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Please be aware that this old REACH registration data factsheet is no longer maintained; it remains frozen as of 19th May 2023.

The new ECHA CHEM database has been released by ECHA, and it now contains all REACH registration data. There are more details on the transition of ECHA's published data to ECHA CHEM here.

Diss Factsheets

Administrative data

Link to relevant study record(s)

Description of key information

- Vaziri and Ovesiri, 2000 (not metabolised);
- Hui et al., 1996 and Hartway et al. 1997 (percutaneous absorption in humans: 0.226 ± 0.125 %)
- Pahl and Culver, 2000 (excretion data of boron in humans: mainly excreted in the urine);
- Dourson et al., 1998: justification of data-specific assessment factors for toxicokinetics and toxicodynamic of boron.
- Dunlop 1981, Krutzen et al. 1992, Sturgiss et al. 1996. (GFR in sensitive population, justification for intraspecies AFs);
- Maier et al., 2014 (Data derived assessment factors for human variability in toxicokinetics and toxicodynamics are reported).

Key value for chemical safety assessment

Bioaccumulation potential:
no bioaccumulation potential
Absorption rate - oral (%):
Absorption rate - dermal (%):
Absorption rate - inhalation (%):

Additional information

There is little difference between animals and humans in absorption, distribution, and metabolism. A difference in renal clearance is the major determinant in the differences between animals and humans, with the renal clearance in rats approximately 3 times faster than in humans.

Boric acid is not metabolised in either animals or humans, owing to the high energy level required (523 kJ/mol) to break the B - O bond (Emsley, 1989). Other inorganic borates convert to boric acid at physiological pH in the aqueous layer overlying the mucosal surfaces prior to absorption.Most of the simple inorganic borates exist predominantly as undissociated boric acid in dilute aqueous solution at physiological and environmental pH, leading to the conclusion that the main species in the plasma of mammals is un-dissociated boric acid. Since other borates dissociate to form boric acid in aqueous solutions, they too can be considered to exist as un-dissociated boric acid under the same conditions. Additional support for this derives from studies in which more than 90 % of administered doses of inorganic borates are excreted in the urine as boric acid. Absorption of borates via the oral route is nearly 100 %. For the inhalation route also 100 % absorption is assumed as worst case scenario. Dermal absorption through intact skin is very low with a percent dose absorbed of 0.226 ± 0.125 in humans. Using the % dose absorbed plus standard deviation (SD) for boric acid, a dermal absorption for borates of 0.5 % (rounded from 0.45 %) can be assumed as a worse case estimate.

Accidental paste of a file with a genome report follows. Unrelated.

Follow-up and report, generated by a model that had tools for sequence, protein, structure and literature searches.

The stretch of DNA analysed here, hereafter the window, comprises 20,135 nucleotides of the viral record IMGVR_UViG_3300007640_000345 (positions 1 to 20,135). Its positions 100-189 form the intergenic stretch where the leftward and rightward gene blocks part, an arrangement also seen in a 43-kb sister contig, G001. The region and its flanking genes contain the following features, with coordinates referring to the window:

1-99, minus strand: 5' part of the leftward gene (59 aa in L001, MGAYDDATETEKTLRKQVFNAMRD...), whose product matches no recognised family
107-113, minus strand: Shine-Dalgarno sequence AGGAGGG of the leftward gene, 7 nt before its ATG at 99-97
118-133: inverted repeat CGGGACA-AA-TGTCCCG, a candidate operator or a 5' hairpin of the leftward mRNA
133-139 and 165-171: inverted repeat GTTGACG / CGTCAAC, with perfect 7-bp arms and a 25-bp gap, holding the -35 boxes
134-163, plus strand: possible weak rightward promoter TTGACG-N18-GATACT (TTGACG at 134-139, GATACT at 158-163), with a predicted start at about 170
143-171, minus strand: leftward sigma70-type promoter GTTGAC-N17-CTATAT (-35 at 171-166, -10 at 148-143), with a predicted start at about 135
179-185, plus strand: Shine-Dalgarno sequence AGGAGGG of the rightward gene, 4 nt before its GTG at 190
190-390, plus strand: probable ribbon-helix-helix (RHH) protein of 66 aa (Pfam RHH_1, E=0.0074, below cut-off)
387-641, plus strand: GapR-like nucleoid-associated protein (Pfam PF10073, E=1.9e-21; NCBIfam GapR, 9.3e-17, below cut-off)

In the blood boric acid is the main species present and is not further metabolised. Boric acid is distributed rapidly and evenly through the body, with concentrations in bone 2 - 3 higher than in other tissues. Boric acid is excreted rapidly, with elimination half-lives of 1 h in the mouse, 3 h in the rat and < 27.8 h in humans, and has low potential for accumulation. Boric acid is mainly excreted in the urine.

Interspecies differences in toxicokinetics based on data for boron clearance rates in rats versus humans and intraspecies differences in human toxicokinetics based on data on human variability in glomerular filtration rates (GFR) are critical determinates in evaluating human toxicity of boric acid. GFR was identified as the primary determinant of boron clearance rates. A toxicokinetic adjustment factor for boron for human variability is based on the variability in GFR during pregnancy (Dunlop, 1981; Krutzén et al., 1992; Sturgiss et al., 1996) ensuring adequate coverage of the sensitive subpopulation of preeclamptic women (US. EPA 2004; Dourson et al. 1998; Maier et al. 2014).


Read Across

For comparative purposes, exposures to borates are often expressed in terms of boron (B) equivalents based on the fraction of boron in the source substance on a molecular weight basis. As noted previously, only boric acid and the borate anion are present at environmentally and physiologically relevant concentrations. Read-across between the different boron compounds can be done on the basis of boron (B) equivalents. Conversion factors are given in the table below.



Conversion factor for equivalent dose of B (multiply by)

Boric acid



Boric Oxide



Disodium tetraborate anhydrous



Disodium tetraborate pentahydrate



Disodium tetraborate decahydrate



Disodium octaborate tetrahydrate



Sodium metaborate (anhydrous)



Sodium metaborate (dihydrate)



Sodium metaborate (tetrahydrate)



Sodium pentaborate (anhydrous)



Sodium pentaborate (pentahydrate)